Explanations were given through infrared earphones, also a new experience. The Rundfahrt and a great dinner with Herr Köhler rounded off this great adventure in Berlin.
I knew that I had to visit the Jewish cemetery in Weissensee. It had not been destroyed by the Nazis because they had shown it to foreign visitors in order to convince them that the Jewish heritage was being looked after. Indeed, nothing had been touched. An eerie feeling came over me when I visited the office. The filing cabinets were still those of my youth, altogether a most unpleasant experience.
A young lady was looking after the office. She was most informative. When I told her my name, she suddenly burst out: “They are looking for you everywhere! The staff of the Wilmersdorf Museum have been trying to get in touch with you! They need information about your mother’s school and here you are!”
When I arrived in the office of the Wilmersdorf Museum located on Hohenzollerndamm, the surprise was immense! They had been looking for me without success for some time and here I was! They were assembling material for the exhibition on Jewish schools in Wilmersdorf. Dr. Marlise Hoff was in charge and Helga Gläser was looking after the details. Sadly, because I travel light, I had very little information with me, just a few names and addresses of ex-pupils who might be of help. Perhaps they would obtain further information from them. I also agreed to write a story about my mother’s school for their intended publication, provided they agreed not to edit it.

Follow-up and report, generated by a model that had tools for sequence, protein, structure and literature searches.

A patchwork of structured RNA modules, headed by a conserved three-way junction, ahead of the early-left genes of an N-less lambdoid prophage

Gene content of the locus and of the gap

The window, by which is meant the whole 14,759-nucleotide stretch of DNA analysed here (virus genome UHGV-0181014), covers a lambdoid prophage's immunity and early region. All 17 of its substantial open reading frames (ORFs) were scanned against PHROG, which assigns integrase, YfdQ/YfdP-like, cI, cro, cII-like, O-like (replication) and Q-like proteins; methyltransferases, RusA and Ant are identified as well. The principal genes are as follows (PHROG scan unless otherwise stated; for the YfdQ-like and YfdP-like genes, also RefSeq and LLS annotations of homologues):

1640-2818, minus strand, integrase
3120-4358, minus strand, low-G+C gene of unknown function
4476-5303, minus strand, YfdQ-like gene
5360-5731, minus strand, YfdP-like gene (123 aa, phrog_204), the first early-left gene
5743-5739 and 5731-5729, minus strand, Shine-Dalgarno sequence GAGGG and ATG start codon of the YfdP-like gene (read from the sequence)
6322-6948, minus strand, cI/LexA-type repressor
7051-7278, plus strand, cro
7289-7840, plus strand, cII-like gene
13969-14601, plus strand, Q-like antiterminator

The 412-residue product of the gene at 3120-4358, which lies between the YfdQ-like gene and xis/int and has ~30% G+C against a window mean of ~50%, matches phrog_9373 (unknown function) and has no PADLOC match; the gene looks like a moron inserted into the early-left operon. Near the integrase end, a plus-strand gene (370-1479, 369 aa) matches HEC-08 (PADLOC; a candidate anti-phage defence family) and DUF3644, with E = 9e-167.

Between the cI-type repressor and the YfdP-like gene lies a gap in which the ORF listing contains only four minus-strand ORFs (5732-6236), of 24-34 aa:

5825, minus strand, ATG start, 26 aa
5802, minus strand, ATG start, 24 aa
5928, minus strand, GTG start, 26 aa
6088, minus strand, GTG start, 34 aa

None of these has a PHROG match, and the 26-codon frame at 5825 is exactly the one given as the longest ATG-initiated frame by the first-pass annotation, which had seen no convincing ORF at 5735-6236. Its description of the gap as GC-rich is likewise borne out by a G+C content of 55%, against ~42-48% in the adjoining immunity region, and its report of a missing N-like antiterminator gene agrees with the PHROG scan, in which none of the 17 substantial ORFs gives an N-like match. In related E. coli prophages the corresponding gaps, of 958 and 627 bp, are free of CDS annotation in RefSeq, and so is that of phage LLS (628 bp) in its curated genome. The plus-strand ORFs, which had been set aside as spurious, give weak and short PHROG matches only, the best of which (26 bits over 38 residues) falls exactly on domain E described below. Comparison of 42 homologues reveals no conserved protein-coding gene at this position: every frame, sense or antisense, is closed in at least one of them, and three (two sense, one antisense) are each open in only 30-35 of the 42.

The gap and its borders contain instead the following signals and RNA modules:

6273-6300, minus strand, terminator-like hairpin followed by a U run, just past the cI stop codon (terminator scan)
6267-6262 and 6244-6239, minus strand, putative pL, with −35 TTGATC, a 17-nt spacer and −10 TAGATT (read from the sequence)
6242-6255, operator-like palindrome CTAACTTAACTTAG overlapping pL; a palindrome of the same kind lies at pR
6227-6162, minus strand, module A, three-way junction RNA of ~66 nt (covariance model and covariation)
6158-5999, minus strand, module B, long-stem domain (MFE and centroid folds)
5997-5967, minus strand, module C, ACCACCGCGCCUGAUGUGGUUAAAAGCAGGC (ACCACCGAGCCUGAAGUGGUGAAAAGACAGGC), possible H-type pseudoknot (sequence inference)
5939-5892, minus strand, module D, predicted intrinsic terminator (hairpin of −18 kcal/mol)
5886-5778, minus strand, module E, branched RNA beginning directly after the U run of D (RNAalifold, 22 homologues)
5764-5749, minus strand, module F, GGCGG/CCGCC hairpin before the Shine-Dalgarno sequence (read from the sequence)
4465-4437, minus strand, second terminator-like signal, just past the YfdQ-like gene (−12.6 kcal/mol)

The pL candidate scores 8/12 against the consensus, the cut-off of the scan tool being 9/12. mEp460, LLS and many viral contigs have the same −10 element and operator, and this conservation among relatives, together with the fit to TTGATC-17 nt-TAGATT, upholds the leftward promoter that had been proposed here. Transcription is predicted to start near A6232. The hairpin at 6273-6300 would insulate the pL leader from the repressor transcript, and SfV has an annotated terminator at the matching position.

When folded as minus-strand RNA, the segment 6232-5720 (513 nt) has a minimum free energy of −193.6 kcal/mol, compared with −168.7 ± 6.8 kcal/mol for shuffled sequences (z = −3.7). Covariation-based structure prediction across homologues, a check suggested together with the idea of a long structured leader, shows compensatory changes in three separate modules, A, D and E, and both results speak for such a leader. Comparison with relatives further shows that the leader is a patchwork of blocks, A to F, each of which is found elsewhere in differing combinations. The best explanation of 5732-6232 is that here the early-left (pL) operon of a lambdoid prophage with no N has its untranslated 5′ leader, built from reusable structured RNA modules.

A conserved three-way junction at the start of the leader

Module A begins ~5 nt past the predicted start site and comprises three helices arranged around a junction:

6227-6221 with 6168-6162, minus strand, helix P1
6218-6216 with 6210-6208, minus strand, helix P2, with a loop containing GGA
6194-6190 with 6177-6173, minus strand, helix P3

After visiting the Spreewald, and a few other places, I eventually returned to England. My good friend, Ann Roberts, who had inherited the Amstrad word processor from my daughter, lives in Oxford. And that is where I was able to write the article for the Wilmersdorf Museum. After sorting out the problems with the Umlaut, I wrote the article in German, quite difficult for me. It was later published as part of the exhibition in a booklet called: “Hier ist kein Bleiben länger.”
In October, I made a short farewell visit to my new friends in the Wilmersdorf Museum and found that the contacts that I had given to them had sent good material and photographs. I could return to my travels; back to the USA and to Mexico to spend the next cold months in a warm, beautiful place: Barra de Navidad.
In 1995, I again visited Europe. I spent a few days with Helga Gläser in Berlin. Very casually, she gave me a small roll of microfiche. Back in Perth this small roll contained important correspondence between the Nazi administration and the Goldschmidt Schule! But I was not ready to deal with this very emotional material and it was placed into the “archival box”.
Only in 2003, when, due to old age, all travelling had become impossible, did I begin work on the Leonore Goldschmidt story. It was a nervewracking experience! It was also very difficult, writing in English while much of the material was in German. I was often very depressed. Late in 2004 I finally finished the task. My friend, Halina Kobryn, whose family in Poland has helped me with my ancestral inquiries in Lublinicie, transferred the story of the Leonore Goldschmidt Schule to a website: www.leonoregoldschmidt.com . In 2005, the Leo Baeck Institute, London Branch, printed a shortened version of the story in its Yearbook, page 301.